My Lithium intake has been cut nearly in half for a week now and the uncontrollable tremors have mostly gone away. My hands still shake occasionally, mostly when I’m holding something, like my camera or a tube of toothpaste. But even that’s rare.
The third-degree self-inflicted burn seems to be healing alright. The part that doesn’t have skin or muscle tissue is getting smaller. It started out about the size of a $2 Canadian coin, with a couple of quarters extending out from the side and bottom.
It’s roughly the size of a slightly warped dime now, and my wrist looks I’ve had a skin graft from a Cardassian (Star Trek reference).
Of course I’m no doctor, so the dark-green, yellowish material in the middle of the scar ring could be anything from gangrene to the caramel they put in the Caramilk bar.
Joking. I’m doing my best to take this whole situation seriously. My psychiatrist noted during our last appointment that whenever I described burning myself to him, I was laughing like I was telling a drinking story from college.
He believes the laughing is me covering up a bunch of things, but mostly that there are underlying anger issues in my life, and he’s right. And they came out extremely violently a few weeks ago, when I was in the middle of a gigantic Lithium overdose.
Or maybe the overdose killed the whatever was guarding the anger door.
The result was one episode when I punched myself as hard as I could in the head four times, another when I punched a playground slide, and then an episode where, in the space of roughly fifteen minutes, I stabbed my forearm thirty-three times with a diabetic testing needle, and finally burned myself with a red hot butter knife… four times in the same spot, five seconds each.
There was a lot of anger involved in that. And maybe it’s all real and ancient and unresolved and lurking. But without the overdose, there would have been no violence.
But there was an overdose, and whatever the Lithium — which was at twice the safe concentration in my blood for at least six weeks — did to my brain, at some point it began to make sense for those acts to happen.
In a lot of ways I’ve spent a lot of time over the past week trying to justify what happened to some of the people around me. Like my psychiatrist.
I still haven’t told my family, including my girlfriend, about the night I stabbed and burned myself. Because I don’t think they’ll understand. I’ve told them both about the overdose, and my theory as to how it happened, but their eyes glazed over and I felt like, inside their heads, they were thinking “there goes Gabriel again with his little pills”.
I’m probably wrong, but if I’m going to tell someone I punched myself in the head as hard as I can, then a week later I gave myself a third-degree burn while I bounced my knee and laughed out loud and thought it was all wickedly cool, I need than to have the context down first.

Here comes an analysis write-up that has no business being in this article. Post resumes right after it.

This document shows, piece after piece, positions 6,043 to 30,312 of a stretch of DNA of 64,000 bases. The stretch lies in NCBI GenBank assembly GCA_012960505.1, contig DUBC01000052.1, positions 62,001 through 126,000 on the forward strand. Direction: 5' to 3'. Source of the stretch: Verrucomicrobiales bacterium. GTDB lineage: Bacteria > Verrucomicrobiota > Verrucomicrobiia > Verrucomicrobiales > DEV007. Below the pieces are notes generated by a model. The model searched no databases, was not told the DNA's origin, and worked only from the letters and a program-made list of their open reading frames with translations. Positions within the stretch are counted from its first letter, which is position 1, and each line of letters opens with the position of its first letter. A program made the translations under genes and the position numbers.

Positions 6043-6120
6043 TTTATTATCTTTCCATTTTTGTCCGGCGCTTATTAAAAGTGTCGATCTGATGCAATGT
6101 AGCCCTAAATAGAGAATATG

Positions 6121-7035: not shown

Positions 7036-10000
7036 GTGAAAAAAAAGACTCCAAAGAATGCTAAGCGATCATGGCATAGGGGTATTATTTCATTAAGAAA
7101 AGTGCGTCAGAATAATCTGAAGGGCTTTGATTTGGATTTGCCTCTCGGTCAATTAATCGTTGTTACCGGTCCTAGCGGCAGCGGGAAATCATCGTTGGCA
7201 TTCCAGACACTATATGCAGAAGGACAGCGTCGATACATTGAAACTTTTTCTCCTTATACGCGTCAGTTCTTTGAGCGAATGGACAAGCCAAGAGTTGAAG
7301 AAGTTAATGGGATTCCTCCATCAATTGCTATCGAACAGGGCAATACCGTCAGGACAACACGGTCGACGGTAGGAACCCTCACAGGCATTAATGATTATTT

Most of the context being: it’s not my fucking fault. Nothing that happened during the six weeks my brain was saturated in salt was my fucking fault. Burning a giant hole into my arm made absolute sense while I was doing it, I really was laughing while it was happening.
After it was done I put the knife into the sink and went back to surfing the Internet. But doing that on a Lithium overdose is like someone putting an hallucinogenic into your morning coffee for six weeks. Eventually you’ll do something that feels comfortable and maybe necessary, but to everyone else you’re just fucking a thistle bush.
Which would definitely not be your fault, your responsibility or really needs any more justification than “yeah, my roommate’s a dick”.
So, I’m just having a hard time visualizing telling my mother the third-degree burn on my wrist is self-inflicted due to a salt overdose.
My main problem in all of this, at least one that has popped up again, is my unwillingness to see a doctor when a problem first presents itself.
This is something that goes back decades, but also as recent as last February when I broke my foot and waited almost five weeks before going to the ER for x-rays.
I walked, for more than a month, on a broken foot because it never occurred to me to get a ride to the ER. That’s a special type of dedication.
I started writing this post almost ten days ago. After I reread the part about never seeing a doctor I realized I actually hadn’t seen a doctor regarding the (possibly) third-degree burn on my wrist.
The only person I had talked to about caring for it was the local pharmacist.
So, on October 24, my girlfriend dropped me off at the local hospital. Seven hours later, a doctor told me the scab looked healthy, there was no infection and to expect everything to be fine in another week to ten days.
And, a week later, the scar is virginal pink, and there’s just a touch of a scab left. The scar’s not as intense as I thought it’d be, I think I might be a little disappointed.
Also, in the past week, the shakes are completely gone — give or take. I had an eye exam a few days ago and one of the machines told the nurse I was vibrating. I’m basically back to the fine tremors I had before this whole mess.
I’m still slurring my speech, I’m having a hard time climbing stairs, and I’m still a little foggy, but ninety percent of the crap I went through during the extended overdose has gone away.
I am definitely having problems with my diabetes numbers. During the overdose my numbers spiked up to an average of mid-teens in the morning to high-twenties in the evening. Once we lowered the Lithium dose the numbers dropped back down to six in the morning and mid-teens in the evenings.
But for five days now the numbers are way up. The ER doctor said it could be because of the burn, apparently wounds will spike a diabetics numbers.
But my wound is pink now. I don’t know. There always seems to be something.